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9/28/2007   1:43am
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History


1970s BusIn 1971 when the local governments of Bexley, Columbus, Gahanna, Grandview Heights, Grove City, Hilliard, Reynoldsburg, Upper Arlington, Westerville, Whitehall, Worthington and Franklin County, threatened by the loss of bus service from the privately owned Columbus Transit Company (CTC), came together to form the Central Ohio Transit Authority (COTA). COTA began providing service in Franklin County on January 1, 1974.

A 13-member board of trustees oversees the transit system and appoints the president/CEO to manage the day-to-day operations of the authority. In November 1999, Franklin County voters approved a 0.25 percent permanent sales tax for COTA – the first time for permanent funding in COTA history.

In 2005, COTA provided approximately 49,000 weekday bus rides and between 3,000 to 3,600 weekly rides on Project Mainstream, COTA’s service for people with disabilities who can’t use fixed-route service. With a fleet of 234 buses, COTA travels throughout central Ohio on 53 routes, with 4,214 bus stops, 380 bus shelters, 24 park & ride locations, and over 1 million calls annually to the customer information center.

Over the years, public transit in central Ohio has seen many changes including:

• Introducing services for people with disabilities including ADA paratransit service on Project Mainstream, accessible buses on fixed routes and discounted passes.

• Creating an advertising program that incorporates advertisements that cover an entire bus.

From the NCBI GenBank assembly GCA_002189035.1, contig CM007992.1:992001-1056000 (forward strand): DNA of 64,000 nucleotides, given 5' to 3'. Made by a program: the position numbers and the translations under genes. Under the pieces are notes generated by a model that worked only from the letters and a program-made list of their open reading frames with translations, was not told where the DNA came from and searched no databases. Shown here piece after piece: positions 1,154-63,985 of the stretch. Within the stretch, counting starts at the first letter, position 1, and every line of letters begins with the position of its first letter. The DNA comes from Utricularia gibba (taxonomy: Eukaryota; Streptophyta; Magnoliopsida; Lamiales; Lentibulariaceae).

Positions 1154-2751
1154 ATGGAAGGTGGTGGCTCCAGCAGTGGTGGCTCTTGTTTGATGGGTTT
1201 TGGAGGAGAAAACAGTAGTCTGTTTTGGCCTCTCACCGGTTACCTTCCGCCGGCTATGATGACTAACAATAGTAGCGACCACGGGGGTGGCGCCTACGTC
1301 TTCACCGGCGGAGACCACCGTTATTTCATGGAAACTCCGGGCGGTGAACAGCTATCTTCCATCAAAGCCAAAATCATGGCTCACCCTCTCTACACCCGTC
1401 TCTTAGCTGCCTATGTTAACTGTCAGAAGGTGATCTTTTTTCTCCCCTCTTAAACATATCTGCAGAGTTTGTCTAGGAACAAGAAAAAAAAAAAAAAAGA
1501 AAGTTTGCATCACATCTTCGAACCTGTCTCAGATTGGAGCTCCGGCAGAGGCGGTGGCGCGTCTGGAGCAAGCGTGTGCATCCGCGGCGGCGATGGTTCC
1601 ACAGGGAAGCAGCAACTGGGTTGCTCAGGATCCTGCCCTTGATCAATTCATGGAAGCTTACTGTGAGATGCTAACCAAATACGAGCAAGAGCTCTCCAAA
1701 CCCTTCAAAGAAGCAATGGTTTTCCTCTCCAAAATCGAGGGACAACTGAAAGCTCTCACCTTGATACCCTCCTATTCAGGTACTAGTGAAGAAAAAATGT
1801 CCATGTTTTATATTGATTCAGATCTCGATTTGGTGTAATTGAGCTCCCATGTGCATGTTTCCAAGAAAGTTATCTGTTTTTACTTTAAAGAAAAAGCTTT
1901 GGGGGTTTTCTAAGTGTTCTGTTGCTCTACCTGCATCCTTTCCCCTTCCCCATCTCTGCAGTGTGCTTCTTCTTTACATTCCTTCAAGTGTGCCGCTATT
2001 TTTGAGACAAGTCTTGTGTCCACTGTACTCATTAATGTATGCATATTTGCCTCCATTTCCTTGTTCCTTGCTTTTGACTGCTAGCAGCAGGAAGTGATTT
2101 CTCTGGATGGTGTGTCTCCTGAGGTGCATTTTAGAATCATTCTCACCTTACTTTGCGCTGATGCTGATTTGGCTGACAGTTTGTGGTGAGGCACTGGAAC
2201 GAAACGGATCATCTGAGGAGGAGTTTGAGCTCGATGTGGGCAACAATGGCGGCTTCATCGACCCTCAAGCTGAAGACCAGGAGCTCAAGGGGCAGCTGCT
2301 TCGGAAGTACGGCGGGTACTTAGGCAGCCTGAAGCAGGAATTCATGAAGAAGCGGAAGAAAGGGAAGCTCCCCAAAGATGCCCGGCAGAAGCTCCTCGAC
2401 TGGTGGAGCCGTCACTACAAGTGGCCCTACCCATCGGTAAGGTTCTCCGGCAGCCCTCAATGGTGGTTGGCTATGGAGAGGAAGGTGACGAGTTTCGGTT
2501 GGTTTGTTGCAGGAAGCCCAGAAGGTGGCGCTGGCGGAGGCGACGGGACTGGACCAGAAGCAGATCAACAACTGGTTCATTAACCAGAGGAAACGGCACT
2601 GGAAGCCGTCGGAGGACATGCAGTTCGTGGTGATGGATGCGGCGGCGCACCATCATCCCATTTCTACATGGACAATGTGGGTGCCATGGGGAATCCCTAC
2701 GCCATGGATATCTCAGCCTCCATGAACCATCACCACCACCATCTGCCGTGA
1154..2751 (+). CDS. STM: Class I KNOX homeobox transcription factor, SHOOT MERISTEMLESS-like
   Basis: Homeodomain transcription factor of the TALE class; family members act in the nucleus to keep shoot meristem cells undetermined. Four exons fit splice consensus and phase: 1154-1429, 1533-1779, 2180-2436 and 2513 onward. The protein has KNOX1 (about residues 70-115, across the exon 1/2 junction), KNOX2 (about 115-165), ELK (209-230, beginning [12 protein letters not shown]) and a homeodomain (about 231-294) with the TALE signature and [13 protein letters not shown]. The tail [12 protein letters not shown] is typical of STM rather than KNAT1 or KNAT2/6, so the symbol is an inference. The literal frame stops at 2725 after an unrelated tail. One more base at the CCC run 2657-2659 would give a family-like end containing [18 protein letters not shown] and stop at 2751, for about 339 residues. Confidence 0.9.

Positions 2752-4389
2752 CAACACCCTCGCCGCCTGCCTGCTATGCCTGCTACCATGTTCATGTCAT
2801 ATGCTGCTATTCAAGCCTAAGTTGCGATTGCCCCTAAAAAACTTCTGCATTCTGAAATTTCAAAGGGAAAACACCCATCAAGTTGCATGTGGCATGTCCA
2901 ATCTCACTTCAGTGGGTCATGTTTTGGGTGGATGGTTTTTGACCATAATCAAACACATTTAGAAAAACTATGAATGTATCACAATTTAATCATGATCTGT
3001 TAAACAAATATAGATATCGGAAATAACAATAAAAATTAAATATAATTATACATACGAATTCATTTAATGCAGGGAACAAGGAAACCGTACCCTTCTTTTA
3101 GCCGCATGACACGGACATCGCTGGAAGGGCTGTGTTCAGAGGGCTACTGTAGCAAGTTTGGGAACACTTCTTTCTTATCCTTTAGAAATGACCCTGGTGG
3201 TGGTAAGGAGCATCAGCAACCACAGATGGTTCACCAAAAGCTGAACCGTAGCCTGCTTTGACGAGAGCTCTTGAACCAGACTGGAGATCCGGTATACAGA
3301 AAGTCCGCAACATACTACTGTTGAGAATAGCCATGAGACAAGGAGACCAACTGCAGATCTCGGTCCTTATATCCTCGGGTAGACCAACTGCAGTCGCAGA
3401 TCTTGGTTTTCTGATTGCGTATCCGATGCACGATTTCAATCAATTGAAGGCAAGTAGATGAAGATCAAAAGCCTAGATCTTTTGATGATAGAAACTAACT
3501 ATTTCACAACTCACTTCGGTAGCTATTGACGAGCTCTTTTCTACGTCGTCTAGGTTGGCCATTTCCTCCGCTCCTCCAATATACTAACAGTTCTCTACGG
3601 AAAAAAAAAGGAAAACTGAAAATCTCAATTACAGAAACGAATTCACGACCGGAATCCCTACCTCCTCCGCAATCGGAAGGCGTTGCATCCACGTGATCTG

• Implementing programs to help people get to and from work and help riders save money.

The importance of public transportation in central Ohio has never been more imperative. Traffic congestion has become the #1 issue on the minds of central Ohio residents – and the situation is only going to get worse. Fifty-five new people call central Ohio home every day; 48 of them bring cars with them. By 2020, that means 400,000 more people trying to get around on the roadways. COTA is a critical tool in the fight against traffic congestion and air pollution in central Ohio.

With the help of local, regional and national civic and government representatives, the central Ohio community, and various business groups, COTA is developing a Long-Range Transit Plan to meet the current and future transit needs of central Ohio.

As we move through the 21st century, COTA will continue to address central Ohio’s mobility needs, help keep people on the move and maintain the quality of life, today and into the future.



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